top of page


Reflections on unknown stories by four women artists.

-by Celeste Ricci-

Continuous history is the indispensable correlative of the

founding function of the subject: the guarantee that

everything that has eluded him may be restored to him; the

certainty that time will disperse nothing without restoring

it in a reconstituted unity; the promise that one day the

subject - in the form of historical consciousness - will once

again be able to appropriate, to bring back under his sway,

all those things that are kept at a distance by difference,

and find in them what might be called his abode.[1]


Michel Foucault


What Michel Foucault defines as “continuous history” is that steady unfolding of events that creates one single story; a totalising History dominated by few perspectives. Therefore, a single History is a controversial subject-matter within the wider system of knowledge: how can one single perspective tell the ‘has been’? Even more questionable is the claim for an objective search of the truth. Not paying attention to the methods for the moment, a further question emerges: how can this truth be claimed without thinking of who controls it? And to what extent does the past really belong to our present?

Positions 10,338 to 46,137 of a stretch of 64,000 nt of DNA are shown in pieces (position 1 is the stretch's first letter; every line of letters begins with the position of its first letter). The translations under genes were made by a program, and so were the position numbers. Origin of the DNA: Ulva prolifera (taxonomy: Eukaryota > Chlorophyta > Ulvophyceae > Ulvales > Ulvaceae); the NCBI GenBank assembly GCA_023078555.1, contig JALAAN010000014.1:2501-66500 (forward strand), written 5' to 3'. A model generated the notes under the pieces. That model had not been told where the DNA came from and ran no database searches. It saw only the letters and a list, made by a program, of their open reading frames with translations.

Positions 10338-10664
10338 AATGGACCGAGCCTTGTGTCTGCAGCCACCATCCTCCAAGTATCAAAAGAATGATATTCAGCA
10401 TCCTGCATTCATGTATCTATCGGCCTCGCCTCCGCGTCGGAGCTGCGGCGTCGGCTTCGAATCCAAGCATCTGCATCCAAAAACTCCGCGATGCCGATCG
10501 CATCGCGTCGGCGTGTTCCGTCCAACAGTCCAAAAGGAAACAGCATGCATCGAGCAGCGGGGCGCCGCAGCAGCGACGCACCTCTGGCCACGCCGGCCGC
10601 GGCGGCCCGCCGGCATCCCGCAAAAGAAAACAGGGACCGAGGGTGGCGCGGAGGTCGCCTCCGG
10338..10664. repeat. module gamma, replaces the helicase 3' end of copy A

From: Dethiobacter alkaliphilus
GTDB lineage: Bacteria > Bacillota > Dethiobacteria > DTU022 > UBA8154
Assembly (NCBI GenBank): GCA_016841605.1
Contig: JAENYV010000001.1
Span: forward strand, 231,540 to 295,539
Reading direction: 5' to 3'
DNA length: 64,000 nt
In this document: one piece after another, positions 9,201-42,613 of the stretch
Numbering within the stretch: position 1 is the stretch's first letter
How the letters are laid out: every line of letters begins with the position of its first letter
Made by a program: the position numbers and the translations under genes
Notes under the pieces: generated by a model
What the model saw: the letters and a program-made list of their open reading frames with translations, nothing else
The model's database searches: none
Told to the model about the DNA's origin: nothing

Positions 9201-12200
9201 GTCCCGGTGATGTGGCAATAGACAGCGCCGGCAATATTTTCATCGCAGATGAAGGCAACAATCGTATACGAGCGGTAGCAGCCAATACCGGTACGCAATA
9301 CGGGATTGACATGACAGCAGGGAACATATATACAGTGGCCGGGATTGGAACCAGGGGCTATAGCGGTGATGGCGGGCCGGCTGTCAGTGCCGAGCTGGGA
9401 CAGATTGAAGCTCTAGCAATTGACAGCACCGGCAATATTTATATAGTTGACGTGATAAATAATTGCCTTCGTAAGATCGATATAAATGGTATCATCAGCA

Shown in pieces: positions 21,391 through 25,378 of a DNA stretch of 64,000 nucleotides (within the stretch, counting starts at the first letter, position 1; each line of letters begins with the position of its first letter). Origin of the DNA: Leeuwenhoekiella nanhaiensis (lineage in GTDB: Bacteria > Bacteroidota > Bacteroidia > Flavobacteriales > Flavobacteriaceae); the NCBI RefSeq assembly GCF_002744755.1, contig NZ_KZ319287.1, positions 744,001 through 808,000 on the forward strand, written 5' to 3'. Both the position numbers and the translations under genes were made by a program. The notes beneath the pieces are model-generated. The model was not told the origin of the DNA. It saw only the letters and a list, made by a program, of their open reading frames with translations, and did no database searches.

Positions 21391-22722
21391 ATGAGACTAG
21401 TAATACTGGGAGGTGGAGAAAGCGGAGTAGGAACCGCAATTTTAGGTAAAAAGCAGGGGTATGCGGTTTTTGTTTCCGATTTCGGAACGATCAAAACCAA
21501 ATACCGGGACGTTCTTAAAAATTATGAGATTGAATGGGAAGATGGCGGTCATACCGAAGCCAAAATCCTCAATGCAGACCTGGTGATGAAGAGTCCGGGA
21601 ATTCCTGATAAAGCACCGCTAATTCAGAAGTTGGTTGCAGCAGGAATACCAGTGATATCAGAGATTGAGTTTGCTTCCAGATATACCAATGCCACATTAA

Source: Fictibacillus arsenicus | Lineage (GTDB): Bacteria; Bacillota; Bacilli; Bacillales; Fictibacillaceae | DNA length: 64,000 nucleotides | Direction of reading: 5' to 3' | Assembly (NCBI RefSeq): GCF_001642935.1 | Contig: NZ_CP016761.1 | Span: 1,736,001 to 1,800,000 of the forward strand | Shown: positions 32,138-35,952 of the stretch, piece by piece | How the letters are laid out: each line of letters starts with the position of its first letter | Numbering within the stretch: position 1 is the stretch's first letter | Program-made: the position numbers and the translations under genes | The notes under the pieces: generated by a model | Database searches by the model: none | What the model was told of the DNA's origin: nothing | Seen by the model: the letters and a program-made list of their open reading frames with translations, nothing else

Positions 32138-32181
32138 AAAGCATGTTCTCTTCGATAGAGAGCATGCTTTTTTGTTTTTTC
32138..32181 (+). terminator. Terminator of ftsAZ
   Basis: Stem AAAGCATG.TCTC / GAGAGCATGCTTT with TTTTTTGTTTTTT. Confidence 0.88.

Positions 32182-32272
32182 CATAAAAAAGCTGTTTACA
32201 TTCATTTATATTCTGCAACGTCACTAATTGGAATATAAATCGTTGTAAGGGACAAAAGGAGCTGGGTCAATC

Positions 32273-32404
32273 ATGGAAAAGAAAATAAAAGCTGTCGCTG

UNDER A DIFFERENT SUN. Obscured Histories, Female Perspectives is an attempt to remark the questions above as well as to generate new ones. Through the work of four women artists, Nathalie Mba Bikoro, Jeannette Ehlers, Ato Malinda and Lerato Shadi, the project proposes different ways of looking at History, which is no longer seen as a linear sequence of facts that leads to the present. Taking into account individual works, this contribution will focus on two methods of approaching the investigation of history: subtraction and addition.